The prairie crocus, or Pulsatilla nuttalliana, is often considered the first flower of the spring (though this year, it has been well and truly beat out by the catkins of pussy willows and balsam poplar). It is usually pale mauve or, very rarely, white. When you find one, sit still, dwell with it (please do not pick!), look to see who visits its bright yellow pollen filled centre!
Despite its name, the prairie crocus is not the same species as the European crocus, which is a member of the iris family. Our native crocus is a member of the buttercup or crowfoot family. The Cree name for the flower, mostos nitisiy, translates as “bison belly button”. I have never seen a bison’s belly button (I don’t want to get that close), but the prairie crocus helps me imagine it! Pulsatilla nuttalliana, is covered with hairs, which provide some natural insulation from the cold and retains the sun’s daytime warmth through the evening. As well, its satellite shaped flowers are models for solar ovens, able to magnify the sun’s rays and turn them to heat. Besides the flower’s shape and the plant’s furry coat, Pulsatilla nuttalliana also has deep tap roots that store its energy during the long cold prairie winters.
Photo by Nikki Bergeron
We launched our crocus search on the cool, windy weekend of April 8-10, visiting three known hotspots: Cranberry Flats, Crocus Prairie, and the Saskatoon Natural Grasslands. NB: a crocus flower in full mauve colour was photographed at the NorthEast Swale on April 7. We found plenty of crocuses at the ecologically sensitive Cranberry Flats Conservation Area, but they were nubbins, waiting for a warmer sunnier day before showing off their mauve petals. Crocus Prairie, true to its name, had even more of the nubbins – this prairie will soon be almost completely mauve! At Saskatoon Natural Grasslands, the part we visited, we found no sign of crocuses. More seeking is necessary!
Being one of the earliest flowers, and the earliest that specializes in insect pollinators, means that the crocus has the devoted attention of all the early insects. The seed head is just as glorious as the flower, covering the plant with a globe of parachute seeds. A wonder to explore is to gather a few seeds, save them in the freezer until January, and then put them just slightly into the soil in an indoor pot, pointy end down. Spray them with a little water, and see what magic happens.
Photo by Nikki Bergeron
Searching for prairie crocus is such a treat for kids itching to get outdoors after a long winter. We had some curious children join us on our searches; parents came well prepared with layers of warm clothes and a selection of nutritious snacks (chocolate is nutritious!). The children grumbled a wee bit about the wind, but they quickly forgot as they entered the shelter of the trees. These parents modeled their own fascination with the world, stopping to dwell and observe the land and elicit wonder from the younger adventurers among us. It helps in such precarious places as natural grasslands to be open to modifying goals. While seeking crocuses, there is so much to find, see, smell, hear, touch, do, … and even taste (but do be careful with this latter activity). We examined signs of insect life (yes! Already there are beetles that probably would like to visit a crocus), the colourful lichens on rocks and trees and ground, the plants as they greened up and began to set flowers.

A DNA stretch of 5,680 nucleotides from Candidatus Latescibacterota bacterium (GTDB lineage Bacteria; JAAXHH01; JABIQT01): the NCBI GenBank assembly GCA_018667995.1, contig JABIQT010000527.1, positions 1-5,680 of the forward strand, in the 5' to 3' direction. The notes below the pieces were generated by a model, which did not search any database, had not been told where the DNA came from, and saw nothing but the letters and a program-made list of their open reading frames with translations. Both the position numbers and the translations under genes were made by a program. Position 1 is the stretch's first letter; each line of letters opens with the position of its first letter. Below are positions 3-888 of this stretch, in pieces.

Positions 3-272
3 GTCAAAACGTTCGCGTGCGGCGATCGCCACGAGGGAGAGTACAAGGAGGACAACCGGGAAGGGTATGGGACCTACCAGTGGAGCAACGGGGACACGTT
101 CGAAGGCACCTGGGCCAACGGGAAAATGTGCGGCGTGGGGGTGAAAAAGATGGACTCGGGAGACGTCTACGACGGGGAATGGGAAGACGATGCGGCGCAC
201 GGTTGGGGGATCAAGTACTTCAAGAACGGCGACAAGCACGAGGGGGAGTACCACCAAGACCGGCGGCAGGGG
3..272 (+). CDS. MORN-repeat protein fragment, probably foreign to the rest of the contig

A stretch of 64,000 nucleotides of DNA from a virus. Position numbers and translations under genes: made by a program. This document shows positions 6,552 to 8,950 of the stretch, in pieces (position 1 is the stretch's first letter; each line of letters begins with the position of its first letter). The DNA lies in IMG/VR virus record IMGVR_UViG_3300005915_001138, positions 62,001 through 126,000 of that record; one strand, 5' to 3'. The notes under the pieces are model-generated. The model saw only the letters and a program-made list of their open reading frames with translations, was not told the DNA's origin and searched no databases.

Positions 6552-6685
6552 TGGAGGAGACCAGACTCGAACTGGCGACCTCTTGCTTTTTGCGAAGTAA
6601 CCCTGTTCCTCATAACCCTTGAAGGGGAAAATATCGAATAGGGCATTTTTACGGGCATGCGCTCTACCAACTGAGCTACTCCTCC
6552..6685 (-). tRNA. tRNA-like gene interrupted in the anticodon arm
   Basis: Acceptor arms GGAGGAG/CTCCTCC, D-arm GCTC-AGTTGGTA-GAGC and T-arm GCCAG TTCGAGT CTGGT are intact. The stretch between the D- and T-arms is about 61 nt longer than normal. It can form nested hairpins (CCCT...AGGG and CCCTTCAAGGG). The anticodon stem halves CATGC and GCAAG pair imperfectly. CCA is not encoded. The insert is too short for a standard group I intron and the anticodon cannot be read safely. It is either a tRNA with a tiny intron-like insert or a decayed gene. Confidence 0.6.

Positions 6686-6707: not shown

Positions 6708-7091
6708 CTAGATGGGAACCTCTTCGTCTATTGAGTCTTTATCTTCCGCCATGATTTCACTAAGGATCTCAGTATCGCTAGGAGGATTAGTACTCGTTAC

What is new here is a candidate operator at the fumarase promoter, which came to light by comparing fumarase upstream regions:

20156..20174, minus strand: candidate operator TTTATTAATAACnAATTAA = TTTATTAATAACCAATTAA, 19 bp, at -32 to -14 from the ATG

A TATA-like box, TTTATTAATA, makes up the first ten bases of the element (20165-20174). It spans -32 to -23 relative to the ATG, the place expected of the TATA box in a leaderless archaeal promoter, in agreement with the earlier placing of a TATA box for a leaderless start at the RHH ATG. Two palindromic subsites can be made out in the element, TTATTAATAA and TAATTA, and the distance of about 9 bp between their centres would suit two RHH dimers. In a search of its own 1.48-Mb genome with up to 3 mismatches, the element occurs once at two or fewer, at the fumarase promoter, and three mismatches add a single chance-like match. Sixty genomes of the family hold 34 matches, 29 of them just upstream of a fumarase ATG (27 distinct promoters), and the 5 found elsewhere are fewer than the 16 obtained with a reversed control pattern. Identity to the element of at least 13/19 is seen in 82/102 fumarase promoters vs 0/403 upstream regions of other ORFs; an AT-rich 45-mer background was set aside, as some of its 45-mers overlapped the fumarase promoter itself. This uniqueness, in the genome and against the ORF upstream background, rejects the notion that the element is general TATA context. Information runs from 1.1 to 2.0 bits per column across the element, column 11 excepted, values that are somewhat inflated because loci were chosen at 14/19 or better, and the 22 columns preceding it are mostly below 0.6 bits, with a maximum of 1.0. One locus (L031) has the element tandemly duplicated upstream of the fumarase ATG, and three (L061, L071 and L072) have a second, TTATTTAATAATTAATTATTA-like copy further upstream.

Support your own and your children’s learning by looking for patterns. Enjoy wondering with your children about the hidden spring secrets of the grasslands. The greatest discoveries are found in open wandering and asking along the way.
– Janet McVittie & Chad Hammond
Photo by Janet McVittie
Where to look for crocuses in and
- Crocus Prairie
- Cranberry Flats
- Saskatoon Natural Grasslands
- Northeast Swale
- Beaver Creek along the Blue Trail
Photo by Janet McVittie
Crocuses can take up to 5 years to bloom from seed. When you see a large clump of crocus blooms it could be 30 years old!
Photo by Chad Hammond
How to get there
Cranberry Flats Conservation Area: drive south on Lorne Avenue (Hwy 219) to Grasswood Road, and turn West. At the first intersection, Stratchcona Rd (Rd 3055), turn south, and continue to the large sign that marks the Conservation Area. Pay attention: no after hours visits, and no off-leash dogs! The boardwalk is wheel chair accessible, and a crusher dust trail leads to the boardwalk.
Crocus Prairie: drive north on Central Ave from Attridge Dr. The parking lot is on the west side of Central just past the Regional Psychiatric Centre. Do not pick the flowers, and all dogs must be on leash.
I recommend leaving your vehicle at the Crocus Prairie parking lot and walking across Central Avenue to the Saskatoon Natural Grasslands.
Cranberry Flats Conservation Area: Crusher dust trails to a wooden walkway, making this part of the park wheelchair accessible. There are informal paths and river views. Outhouse.
Crocus Prairie: Crusher dust trails from parking lot to top of river bank, and along to the forest that abuts the off-leash dog park. No toilets. From the parking lot, the Saskatoon Natural Grasslands mowed trails are accessible across Central Ave.
Saskatoon Natural Grasslands: no toilets. Mowed trails.
For more information: Check out the Saskatoon Nature Society’s A Guide to Nature Viewing Sites In and Around Saskatoon, available on loan from the Saskatoon Public Library and for purchase at Turning the Tide and McNally Robinson bookstores and directly from the Saskatoon Nature Society, purchase the book here.